Cain Velasquez: Right now I am still working on everything. I don’t think I’m the best in the sport at one particular style. I still work on my wrestling, I love working on my stand up game and I’m also working on my jiu-jitsu.
I want to be the most complete mixed martial artist I can be so I’m not leaving any stone unturned when it comes to that.
Brian Oswald: Speaking of your jiu-jitsu, if there was one submission you’d love to pull off inside the Octagon, which one would it be?
Cain Velasquez: With me and how I roll in practice, armbars are one of my favorite submissions. A lot of people might think with my style I could finish a fight with a rear naked choke, but I am all about the armbar, so watch out.
Brian Oswald: Since we haven’t seen you go a full three rounds inside the cage, how is your conditioning?
Cain Velasquez: My conditioning is very good. I go five rounds in sparring. If I were to get a title shot this year, going all twenty-five minutes would be the least of my concerns. I train myself to go all out for the entire fight so I’m ready for that when it comes.
Brian Oswald: Who are some of the guys from both MMA past and present who you like to watch?
Cain Velasquez: I loved watching Chuck Liddell and Randy Couture when they were in their peak. That’s when I really started getting into the sport. Randy, I really see him as a pioneer. And it’s hard not to enjoy watching a guy like George St. Pierre and appreciate what he’s doing.
I like watching those explosive wrestlers with KO power as well, guys like Dan Henderson and Rashad Evans. I’ve watched just about every UFC and every Fight Night so I’m a fan of what a lot of guys are doing out there.
Brian Oswald (MMAmania.com): Do you think that Fedor Emelianenko is the greatest heavyweight in MMA currently fighting — or does he need to come over to the UFC and prove that?
Cain Velasquez: Fedor for sure. He was one my favorites growing up, being a heavyweight. He destroyed everybody; you can’t take anything away from him and what he’s accomplished. If the UFC signed Fedor, I would be honored to fight him. I’m here to fight the best so fighting Fedor would be the ultimate thing to do.
Brian Oswald: Guys like Lesnar, Carwin and yourself are making it hard for guys like Couture (who walk around at 230 pounds or less) to compete in the heavyweight division. What are your thoughts on the new breed of heavyweight; getting bigger yet staying just as fast or faster?
Cain Velasquez: It’s certainly getting harder. I actually don’t see myself as one of the big guys. Like I said, I walk around at 240 pounds while Lesnar walks in around 280 and Carwin around 260.
I’m used to wrestling with the bigger guys though so that helps. But guys at 225 or 230 pounds are at a disadvantage so they’ll have to figure out how to compete or go to a different weight class.
Brian Oswald: Do you have any plans on adding some more weight to your frame, some more muscle, or is 240 pounds the perfect fighting weight for you?
Cain Velasquez: For me, 240 is my target weight. Lifting weights, 240 is about as big as I can (or) want to get. And if I got any bigger, I could lose some of my speed. I think with my body type, I’m meant to stay at 240.
Brian Oswald: Being an athlete is what MMA 2.0 is all about. You can’t just be good at MMA, you have to be an athlete. In five or ten years, do you see guys that would have gone on to be 300 pound lineman competing in mixed martial arts?
Cain Velasquez: I can see that happening for sure. As far as changing the weight classes, I don’t see that yet. I see the them keeping the heavyweight division at 265 pounds. I could see them adding a weight class in between light heavyweight and heavyweight for those guys at 225 we talked about.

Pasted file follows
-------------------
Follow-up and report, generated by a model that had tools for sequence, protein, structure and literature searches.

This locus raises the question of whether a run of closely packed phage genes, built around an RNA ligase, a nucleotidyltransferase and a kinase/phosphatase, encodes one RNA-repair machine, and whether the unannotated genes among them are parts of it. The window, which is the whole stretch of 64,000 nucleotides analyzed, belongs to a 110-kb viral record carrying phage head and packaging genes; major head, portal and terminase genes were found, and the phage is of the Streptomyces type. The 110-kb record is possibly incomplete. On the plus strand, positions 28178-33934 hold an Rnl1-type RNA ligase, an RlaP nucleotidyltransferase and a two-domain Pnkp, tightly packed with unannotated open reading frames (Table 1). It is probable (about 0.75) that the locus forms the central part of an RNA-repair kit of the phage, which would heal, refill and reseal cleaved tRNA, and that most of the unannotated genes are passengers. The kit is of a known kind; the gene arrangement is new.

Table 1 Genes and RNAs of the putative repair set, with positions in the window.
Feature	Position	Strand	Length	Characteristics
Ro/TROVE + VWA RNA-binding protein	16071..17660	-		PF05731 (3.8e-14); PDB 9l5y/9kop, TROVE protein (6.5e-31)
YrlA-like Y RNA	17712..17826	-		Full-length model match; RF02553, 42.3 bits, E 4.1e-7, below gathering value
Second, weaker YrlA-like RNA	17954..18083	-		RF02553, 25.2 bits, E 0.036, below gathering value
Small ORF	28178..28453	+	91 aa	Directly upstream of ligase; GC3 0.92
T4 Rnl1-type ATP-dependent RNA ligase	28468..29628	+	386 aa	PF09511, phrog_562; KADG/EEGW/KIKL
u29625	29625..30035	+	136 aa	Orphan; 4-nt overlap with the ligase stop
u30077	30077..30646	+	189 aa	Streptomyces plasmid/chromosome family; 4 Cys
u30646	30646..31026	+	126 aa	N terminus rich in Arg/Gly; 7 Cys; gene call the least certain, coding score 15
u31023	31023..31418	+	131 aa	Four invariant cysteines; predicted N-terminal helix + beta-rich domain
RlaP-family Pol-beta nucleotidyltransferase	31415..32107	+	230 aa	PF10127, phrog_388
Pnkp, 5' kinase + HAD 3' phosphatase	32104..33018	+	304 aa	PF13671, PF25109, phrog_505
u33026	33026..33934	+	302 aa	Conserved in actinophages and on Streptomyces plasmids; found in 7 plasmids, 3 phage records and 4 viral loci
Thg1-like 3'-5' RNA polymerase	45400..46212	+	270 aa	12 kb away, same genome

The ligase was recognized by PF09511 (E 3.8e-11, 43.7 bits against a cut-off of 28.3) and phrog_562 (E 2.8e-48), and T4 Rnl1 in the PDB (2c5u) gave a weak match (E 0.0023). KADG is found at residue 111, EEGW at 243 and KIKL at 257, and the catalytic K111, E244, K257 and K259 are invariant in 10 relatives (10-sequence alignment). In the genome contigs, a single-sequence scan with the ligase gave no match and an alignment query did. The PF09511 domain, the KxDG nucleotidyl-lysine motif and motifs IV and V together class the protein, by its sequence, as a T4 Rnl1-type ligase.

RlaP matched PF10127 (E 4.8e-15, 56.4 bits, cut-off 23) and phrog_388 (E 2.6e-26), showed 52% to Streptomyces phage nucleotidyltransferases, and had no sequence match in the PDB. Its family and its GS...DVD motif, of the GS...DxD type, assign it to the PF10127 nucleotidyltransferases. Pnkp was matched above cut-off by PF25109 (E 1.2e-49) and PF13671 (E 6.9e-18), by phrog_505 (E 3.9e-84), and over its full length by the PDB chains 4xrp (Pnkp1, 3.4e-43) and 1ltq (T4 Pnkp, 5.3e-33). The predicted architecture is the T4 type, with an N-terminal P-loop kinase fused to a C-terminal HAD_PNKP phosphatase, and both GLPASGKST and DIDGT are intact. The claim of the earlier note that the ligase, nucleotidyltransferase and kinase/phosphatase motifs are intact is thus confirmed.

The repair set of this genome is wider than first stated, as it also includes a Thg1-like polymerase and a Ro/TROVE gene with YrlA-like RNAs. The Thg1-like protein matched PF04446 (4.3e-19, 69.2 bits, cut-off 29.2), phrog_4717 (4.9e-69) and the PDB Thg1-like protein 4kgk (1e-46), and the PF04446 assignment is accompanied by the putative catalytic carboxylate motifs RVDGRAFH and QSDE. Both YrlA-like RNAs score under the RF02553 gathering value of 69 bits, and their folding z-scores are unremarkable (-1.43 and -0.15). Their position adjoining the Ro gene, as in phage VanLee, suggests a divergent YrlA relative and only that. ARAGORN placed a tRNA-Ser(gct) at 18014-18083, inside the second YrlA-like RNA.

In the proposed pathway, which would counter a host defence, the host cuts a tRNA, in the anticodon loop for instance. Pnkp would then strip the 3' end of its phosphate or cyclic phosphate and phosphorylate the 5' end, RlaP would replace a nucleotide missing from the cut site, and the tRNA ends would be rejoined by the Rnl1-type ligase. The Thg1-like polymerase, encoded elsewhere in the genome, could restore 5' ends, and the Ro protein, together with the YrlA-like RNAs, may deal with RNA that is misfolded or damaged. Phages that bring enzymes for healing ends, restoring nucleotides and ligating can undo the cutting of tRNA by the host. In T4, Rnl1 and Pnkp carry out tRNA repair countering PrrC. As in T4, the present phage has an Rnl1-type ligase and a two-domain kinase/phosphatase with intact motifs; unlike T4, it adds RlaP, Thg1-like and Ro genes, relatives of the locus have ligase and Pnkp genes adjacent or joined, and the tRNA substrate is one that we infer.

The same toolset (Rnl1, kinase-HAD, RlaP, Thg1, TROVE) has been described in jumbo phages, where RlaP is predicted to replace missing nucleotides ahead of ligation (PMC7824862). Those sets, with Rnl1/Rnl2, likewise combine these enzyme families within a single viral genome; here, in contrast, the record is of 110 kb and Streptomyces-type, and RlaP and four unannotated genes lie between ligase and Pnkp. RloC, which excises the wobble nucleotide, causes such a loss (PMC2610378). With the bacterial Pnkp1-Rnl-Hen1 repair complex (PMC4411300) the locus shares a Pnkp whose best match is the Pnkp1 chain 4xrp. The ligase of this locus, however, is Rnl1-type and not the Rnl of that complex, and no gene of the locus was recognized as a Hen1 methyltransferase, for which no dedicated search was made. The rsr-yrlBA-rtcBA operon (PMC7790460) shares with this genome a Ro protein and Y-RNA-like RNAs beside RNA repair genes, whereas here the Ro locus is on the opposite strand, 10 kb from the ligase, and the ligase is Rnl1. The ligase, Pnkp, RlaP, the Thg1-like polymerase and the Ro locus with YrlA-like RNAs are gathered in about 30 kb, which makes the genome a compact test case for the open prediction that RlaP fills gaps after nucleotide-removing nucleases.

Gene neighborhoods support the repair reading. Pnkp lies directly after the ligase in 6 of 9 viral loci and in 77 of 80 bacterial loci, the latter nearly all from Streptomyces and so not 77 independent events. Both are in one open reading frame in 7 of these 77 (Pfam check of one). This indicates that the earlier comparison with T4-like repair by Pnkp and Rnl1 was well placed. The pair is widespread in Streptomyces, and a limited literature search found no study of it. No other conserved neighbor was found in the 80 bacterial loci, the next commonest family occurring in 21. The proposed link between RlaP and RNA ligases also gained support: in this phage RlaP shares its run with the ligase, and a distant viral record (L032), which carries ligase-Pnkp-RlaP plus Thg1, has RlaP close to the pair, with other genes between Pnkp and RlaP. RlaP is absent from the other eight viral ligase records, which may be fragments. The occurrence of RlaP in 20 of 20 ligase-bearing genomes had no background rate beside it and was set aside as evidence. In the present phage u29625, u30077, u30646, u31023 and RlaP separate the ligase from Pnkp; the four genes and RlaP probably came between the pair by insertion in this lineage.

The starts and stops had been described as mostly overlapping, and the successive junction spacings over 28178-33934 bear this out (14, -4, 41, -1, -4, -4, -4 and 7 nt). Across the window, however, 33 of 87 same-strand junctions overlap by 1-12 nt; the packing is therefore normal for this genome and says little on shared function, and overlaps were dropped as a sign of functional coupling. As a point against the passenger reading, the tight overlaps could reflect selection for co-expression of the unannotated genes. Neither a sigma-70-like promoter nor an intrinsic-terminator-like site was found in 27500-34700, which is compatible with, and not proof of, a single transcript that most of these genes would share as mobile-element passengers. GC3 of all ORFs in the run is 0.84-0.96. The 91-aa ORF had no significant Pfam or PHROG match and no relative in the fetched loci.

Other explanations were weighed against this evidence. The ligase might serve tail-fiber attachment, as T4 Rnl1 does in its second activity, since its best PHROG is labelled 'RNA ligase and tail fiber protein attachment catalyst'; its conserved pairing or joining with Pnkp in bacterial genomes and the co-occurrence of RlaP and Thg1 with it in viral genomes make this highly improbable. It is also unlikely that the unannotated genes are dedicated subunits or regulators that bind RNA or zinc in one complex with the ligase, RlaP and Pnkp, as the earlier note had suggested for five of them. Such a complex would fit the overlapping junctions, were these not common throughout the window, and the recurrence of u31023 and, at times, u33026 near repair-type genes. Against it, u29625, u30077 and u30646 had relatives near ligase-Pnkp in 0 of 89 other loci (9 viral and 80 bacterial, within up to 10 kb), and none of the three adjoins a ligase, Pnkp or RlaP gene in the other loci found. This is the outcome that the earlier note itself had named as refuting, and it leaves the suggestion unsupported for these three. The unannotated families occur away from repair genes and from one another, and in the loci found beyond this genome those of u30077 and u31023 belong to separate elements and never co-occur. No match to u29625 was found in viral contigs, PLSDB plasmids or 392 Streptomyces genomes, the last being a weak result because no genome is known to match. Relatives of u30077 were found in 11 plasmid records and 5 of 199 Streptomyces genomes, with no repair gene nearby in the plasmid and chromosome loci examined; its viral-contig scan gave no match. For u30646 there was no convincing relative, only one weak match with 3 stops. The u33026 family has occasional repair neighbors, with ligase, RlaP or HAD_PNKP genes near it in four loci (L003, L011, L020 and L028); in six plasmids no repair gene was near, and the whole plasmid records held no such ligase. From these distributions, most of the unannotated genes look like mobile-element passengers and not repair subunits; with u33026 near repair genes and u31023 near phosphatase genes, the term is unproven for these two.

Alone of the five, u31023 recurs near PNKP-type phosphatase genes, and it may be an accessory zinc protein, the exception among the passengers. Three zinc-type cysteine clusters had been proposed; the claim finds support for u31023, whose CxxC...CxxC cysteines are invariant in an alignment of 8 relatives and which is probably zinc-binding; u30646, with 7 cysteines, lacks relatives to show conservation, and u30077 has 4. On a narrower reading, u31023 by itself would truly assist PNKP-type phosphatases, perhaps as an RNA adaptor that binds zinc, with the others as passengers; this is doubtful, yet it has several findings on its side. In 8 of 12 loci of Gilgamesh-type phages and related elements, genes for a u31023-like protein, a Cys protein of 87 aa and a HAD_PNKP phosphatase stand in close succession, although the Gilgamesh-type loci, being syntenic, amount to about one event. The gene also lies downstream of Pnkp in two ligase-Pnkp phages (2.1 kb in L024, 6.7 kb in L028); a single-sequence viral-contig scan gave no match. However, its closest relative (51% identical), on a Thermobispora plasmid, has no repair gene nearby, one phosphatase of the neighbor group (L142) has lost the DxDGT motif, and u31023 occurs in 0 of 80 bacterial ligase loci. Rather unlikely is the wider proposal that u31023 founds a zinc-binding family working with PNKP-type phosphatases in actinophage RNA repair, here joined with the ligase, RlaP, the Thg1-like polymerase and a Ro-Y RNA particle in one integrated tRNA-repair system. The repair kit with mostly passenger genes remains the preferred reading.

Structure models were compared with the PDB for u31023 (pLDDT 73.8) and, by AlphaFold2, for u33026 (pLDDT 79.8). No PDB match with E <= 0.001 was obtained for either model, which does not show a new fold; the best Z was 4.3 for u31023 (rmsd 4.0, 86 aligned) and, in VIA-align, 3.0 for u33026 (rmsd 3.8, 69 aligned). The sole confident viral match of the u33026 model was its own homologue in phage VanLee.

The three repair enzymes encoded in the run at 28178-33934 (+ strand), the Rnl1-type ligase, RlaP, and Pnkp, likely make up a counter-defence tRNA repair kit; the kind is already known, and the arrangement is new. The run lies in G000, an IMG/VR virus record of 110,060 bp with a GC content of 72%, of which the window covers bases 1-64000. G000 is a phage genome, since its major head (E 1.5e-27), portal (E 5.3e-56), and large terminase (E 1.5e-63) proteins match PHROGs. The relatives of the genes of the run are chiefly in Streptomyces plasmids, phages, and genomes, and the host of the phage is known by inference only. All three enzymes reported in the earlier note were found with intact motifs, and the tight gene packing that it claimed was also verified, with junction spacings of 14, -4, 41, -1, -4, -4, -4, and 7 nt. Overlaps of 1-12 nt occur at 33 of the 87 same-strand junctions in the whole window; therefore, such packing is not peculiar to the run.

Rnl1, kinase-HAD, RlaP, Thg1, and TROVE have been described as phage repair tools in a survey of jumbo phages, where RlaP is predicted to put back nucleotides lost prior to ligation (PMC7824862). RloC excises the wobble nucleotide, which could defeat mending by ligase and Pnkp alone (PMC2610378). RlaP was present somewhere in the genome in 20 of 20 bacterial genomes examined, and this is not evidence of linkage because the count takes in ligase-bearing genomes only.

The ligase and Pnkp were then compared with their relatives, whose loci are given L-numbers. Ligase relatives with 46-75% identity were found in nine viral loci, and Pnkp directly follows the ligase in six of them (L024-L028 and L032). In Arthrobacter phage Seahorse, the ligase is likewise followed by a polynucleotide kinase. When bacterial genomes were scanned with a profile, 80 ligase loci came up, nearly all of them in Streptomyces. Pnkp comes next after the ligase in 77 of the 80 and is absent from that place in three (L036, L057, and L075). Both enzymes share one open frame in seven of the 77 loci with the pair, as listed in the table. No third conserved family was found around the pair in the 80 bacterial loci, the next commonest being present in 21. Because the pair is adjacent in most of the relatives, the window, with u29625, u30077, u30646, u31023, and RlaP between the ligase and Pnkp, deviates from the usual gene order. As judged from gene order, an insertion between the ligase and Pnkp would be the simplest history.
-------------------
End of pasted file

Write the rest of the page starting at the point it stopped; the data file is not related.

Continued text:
It all depends on how much talent they have in a proposed weight class. As far as them adding a super heavyweight division (300 pounds and over), I just don’t see that happening. Guys will have to cut the weight.
Brian Oswald: For a while, the UFC heavyweight division was seen as one of the weakest in MMA. Where do you see the heavyweight division heading with guys like yourself, Carwin, Dos Santos and others?
Cain Velasquez: The heavyweight division is just going to get better and better. It’s not all the way there yet, but the UFC is doing a good job identifying talent and getting the best heavyweights in here that they can. In a couple years, this division is going to be so tough to compete in at the highest level.
Brian Oswald: In your opinion, is mixed martial arts stealing the [marketability] of ‘heavyweight’ from boxing? Boxing and heavyweight used to be one in the same but the talent there seems to be on a significant decline as of late.
Cain Velasquez: I don’t see MMA stealing the [marketability] away completely, but MMA has really taken strides in the last few years and is definitely starting to overshadow its combat sports counterpart.
MMA is new and exciting to a lot of people but I think when things settle in, both sports will have to share the term with each other.
Brian Oswald: Talk to us about the opportunity to fight in Germany and fighting a guy like Heath Herring, who has fought some of the toughest guys the sport has to offer. What do you expect for that fight?
Cain Velasquez: Germany (UFC 99) will be a great show. The UFC always puts together a great event when they go overseas. Heath Herring is tough as nails and he fights hard. I expect a war against Heath.
I don’t predict T(KO)s, I’m just going to go in there and take the fight to him and see where it goes. The fans are going to get a great show, I can guarantee that.
Brian Oswald: I hear you’re expecting your first child with your girlfriend this month. First, congratulations Cain “Daddy.” What’s it going to be like being both a mixed martial arts fighter and father of a new baby girl?
Cain Velasquez: It’s very exciting. We are just so happy to be able to have her here in our life soon. It’s like having a Christmas present that you can’t open yet. We can’t wait to have her here. It’s been a long process. It will be hard to adjust at first with my schedule and practice.
I know I’ll want to be home spending time with her, missing her when I’m at practice and wanting to rush home. I’ll adjust to the schedule though and will keep my eye on the prize, which is supporting my family though my mixed martial arts.
Brian Oswald: Time for Shout-outs:
Cain Velasquez: I want to thank my family, my training camp, AKA, my manager and my Olympic coach, and say “Hi” to all the fans and “thanks” for their support. Enjoy my upcoming fight on June 23.
Brian Oswald: Thanks again Cain. We all look forward to your UFC 99 fight and good luck with your newest addition to the Velasquez family.
Cain Velasquez: Thank you so much. I appreciate that.